Is there a harder commandment in all of scripture?
Chelsey Harmon tells a story or paints a picture about forgiveness. She writes, “One of the complaints that student loan borrowers made about the lack of political support for loan forgiveness programs related to the pandemic was that corporations and politicians received loans that they were not required to pay back. How, advocates asked, could these same people who had benefited from a similar forgiveness adjudication, be so vehemently opposed to others receiving the same grace (and usually on a much smaller scale)?
“Like our parable today, we have no idea why the money was borrowed, or what sort of goodwill efforts had been made to pay it back (or why it hadn’t been paid back). We have no way of knowing whether the money should have been loaned in the first place. The point isn’t the circumstances, it’s the greedy and selfish posture of the one who receives grace. If they are not willing to share and extend it to others, then they didn’t really have it in the first place.” (Chelsey Harmon – https://cepreaching.org/commentary/2023-09-11/matthew-1821-35-3/)
This is a hard passage. Forgiveness, in all the ways it can take shape and form.
If I tell you to love God and your neighbour. Well, you can do that, it’s abstract, it isn’t clearly defined. We can set limits on how we love our neighbour and still be loving our neighbour.
But forgiveness? That’s much harder.
When we don’t get it right, when we fail to forgive, it shows.
Forgiveness is incredibly difficult. If we are honest, we can all name a handful of people that we should probably approach and ask forgiveness. Not that they should forgive us, not that they have wronged us, but individuals for whom our own actions have harmed. We are the ones who need forgiveness. And I’m not talking about large transgressions that are hard to forgive, but the simple things that sometimes just occur as a result of our living together that cause hurt or harm.
We are all in need of forgiveness. Often the focus of this passage is people who have hurt us. After all, Peter is asking Jesus “How often must I forgive?” That emphasis sometimes gives us a free pass to gloss over the ways in which we have hurt people.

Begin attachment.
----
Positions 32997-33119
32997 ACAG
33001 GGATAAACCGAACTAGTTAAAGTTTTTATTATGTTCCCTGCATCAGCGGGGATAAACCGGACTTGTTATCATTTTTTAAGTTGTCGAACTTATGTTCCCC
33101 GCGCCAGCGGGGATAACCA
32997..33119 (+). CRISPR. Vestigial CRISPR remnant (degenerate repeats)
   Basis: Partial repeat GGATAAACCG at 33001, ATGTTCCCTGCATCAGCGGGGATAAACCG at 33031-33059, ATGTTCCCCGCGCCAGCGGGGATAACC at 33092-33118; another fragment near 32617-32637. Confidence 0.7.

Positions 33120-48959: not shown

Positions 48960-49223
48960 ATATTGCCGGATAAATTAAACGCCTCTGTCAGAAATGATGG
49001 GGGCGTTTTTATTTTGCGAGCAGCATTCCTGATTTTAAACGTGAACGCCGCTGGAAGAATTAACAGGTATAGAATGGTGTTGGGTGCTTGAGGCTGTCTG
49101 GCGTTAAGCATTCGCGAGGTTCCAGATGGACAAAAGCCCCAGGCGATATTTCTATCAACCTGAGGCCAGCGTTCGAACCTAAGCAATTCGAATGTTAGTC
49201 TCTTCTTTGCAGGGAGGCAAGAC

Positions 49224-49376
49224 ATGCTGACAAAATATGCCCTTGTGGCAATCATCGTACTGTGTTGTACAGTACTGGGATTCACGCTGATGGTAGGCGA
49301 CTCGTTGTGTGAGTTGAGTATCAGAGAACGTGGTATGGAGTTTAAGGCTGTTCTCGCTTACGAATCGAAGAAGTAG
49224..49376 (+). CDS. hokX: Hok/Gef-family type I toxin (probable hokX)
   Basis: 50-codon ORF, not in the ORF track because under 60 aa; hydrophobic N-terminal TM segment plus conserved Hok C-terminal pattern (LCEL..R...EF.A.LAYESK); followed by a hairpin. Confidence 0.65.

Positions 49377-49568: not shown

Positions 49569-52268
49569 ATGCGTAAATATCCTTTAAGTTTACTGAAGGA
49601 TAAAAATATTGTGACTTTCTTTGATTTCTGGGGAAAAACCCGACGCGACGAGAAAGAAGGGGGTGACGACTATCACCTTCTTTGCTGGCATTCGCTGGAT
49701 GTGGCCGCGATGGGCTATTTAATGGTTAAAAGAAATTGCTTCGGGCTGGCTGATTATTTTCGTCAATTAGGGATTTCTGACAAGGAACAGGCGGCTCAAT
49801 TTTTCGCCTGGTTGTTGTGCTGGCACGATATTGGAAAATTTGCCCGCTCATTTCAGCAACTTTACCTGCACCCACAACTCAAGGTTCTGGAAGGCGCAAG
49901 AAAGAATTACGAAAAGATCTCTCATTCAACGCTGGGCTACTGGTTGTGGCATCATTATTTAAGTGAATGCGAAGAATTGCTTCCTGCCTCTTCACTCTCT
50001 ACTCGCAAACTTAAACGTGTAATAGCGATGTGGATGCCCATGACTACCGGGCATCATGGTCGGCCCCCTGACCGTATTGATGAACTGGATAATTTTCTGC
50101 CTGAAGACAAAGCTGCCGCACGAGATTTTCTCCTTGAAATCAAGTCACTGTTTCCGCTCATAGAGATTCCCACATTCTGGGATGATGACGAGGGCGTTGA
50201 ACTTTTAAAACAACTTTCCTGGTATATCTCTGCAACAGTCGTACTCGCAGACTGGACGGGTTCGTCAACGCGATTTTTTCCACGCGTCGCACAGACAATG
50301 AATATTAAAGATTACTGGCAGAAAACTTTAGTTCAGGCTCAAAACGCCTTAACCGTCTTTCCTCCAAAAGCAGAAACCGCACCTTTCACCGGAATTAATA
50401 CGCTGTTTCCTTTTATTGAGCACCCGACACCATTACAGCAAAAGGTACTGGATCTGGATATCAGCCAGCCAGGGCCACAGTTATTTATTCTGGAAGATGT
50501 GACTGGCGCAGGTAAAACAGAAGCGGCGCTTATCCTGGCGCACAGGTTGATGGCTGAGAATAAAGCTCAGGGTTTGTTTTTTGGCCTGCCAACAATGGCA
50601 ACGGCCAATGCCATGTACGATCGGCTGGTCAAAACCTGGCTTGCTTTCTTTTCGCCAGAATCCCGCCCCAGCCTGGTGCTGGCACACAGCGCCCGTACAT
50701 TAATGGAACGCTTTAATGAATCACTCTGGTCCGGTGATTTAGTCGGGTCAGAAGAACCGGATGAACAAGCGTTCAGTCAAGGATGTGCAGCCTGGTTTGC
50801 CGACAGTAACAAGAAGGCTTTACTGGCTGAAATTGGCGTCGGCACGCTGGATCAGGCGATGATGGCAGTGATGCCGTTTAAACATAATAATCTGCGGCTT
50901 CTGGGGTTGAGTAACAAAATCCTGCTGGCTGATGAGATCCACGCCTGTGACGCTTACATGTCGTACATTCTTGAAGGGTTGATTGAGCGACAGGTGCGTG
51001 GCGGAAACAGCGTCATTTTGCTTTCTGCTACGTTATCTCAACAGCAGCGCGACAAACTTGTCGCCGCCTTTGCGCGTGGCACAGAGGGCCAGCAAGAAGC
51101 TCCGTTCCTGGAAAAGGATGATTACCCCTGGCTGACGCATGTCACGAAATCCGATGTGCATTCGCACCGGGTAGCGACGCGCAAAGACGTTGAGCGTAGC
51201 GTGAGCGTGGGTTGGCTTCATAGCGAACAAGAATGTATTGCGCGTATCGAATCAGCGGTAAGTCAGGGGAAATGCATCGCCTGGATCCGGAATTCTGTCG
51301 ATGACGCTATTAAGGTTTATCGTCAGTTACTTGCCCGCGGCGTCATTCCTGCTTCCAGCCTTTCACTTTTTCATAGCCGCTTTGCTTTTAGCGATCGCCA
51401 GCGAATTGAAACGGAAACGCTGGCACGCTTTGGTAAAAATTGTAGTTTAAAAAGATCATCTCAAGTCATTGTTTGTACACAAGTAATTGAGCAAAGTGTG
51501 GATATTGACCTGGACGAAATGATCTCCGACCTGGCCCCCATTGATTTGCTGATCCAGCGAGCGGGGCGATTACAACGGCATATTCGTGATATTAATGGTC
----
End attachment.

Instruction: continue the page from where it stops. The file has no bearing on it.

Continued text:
Of course, asking for forgiveness, means we have to own our mistakes. And that is hard.
Our passage from Genesis this morning deals with a very difficult narrative. We don’t have the entirety of the story about Joseph and his brothers. Rather, we have this snippet from the end. Joseph’s brothers realize that the man before them is their younger brother. An individual that they have done grievous harm to and who now holds tremendous power and could use that power to punish them. And if Joseph did use that power to punish them, no one else would have blinked. His brothers know this and so they, remember they aren’t the most honest or up-front individuals, concoct a plan to seek forgiveness by using words from their father. Please forgive your brothers is the message.
Joseph offers forgiveness.
The parable in Matthews gospel this morning takes a turn, it becomes personal. Peter asks how many times must I forgive? He isn’t asking abstractly. Remember this passage comes on the heels of the lost sheep and our reading from last week where we have someone who has caused you harm. However, the passage this week is about when you cause the hurt.
This is a difficult passage because we could never imagine ourselves acting the way the servant did. Receiving forgiveness and then acting is such a hard and callous manner. However, as a parable, we need to remind ourselves of the fact that Jesus is making a very specific point about one thing. And that one thing is forgiveness. The parable paints an extreme picture to drive home the point of how important forgiveness is.
Joseph’s brothers beat him and left him for dead. Yet, they still ask for and receive forgiveness.
The servant owes an extravagant debt. The amount owed in this story is beyond what a servant should be able to accrue in debt, which makes the forgiveness of that debt and subsequent punishment to someone else who owed him money so striking.
It would have been difficult to forgive that level of debt, yet the servant can’t see how he too must act with mercy and compassion and offer forgiveness.
Often, the king in this passage will be compared to God. That the mercy and compassion the king offers is symbolic of the same grace we receive from God through Christ. That’s a fair comparison, but if we stop there then the full impact of the passage is lost. We’ve taken the easy route, no less true, but the easy route. The reason it’s easy is because we have taken ourselves out of the equation and not factored in how we are in need of forgiveness and the ways in which we can also offer forgiveness.
St. Andrew's Presbyterian Church
St. Andrew’s Presbyterian Church, Cobourg is part of the Presbyterian Church in Canada. The congregation was established in 1833 and continues to serve the community.
St. Andrew’s supports the gathering of community agencies, providing space for the Affordable Housing Committee. Rev. Ellis’ voice is key in advocating for improvements in awareness, empathy and action on key determinants such as housing, income and food security.
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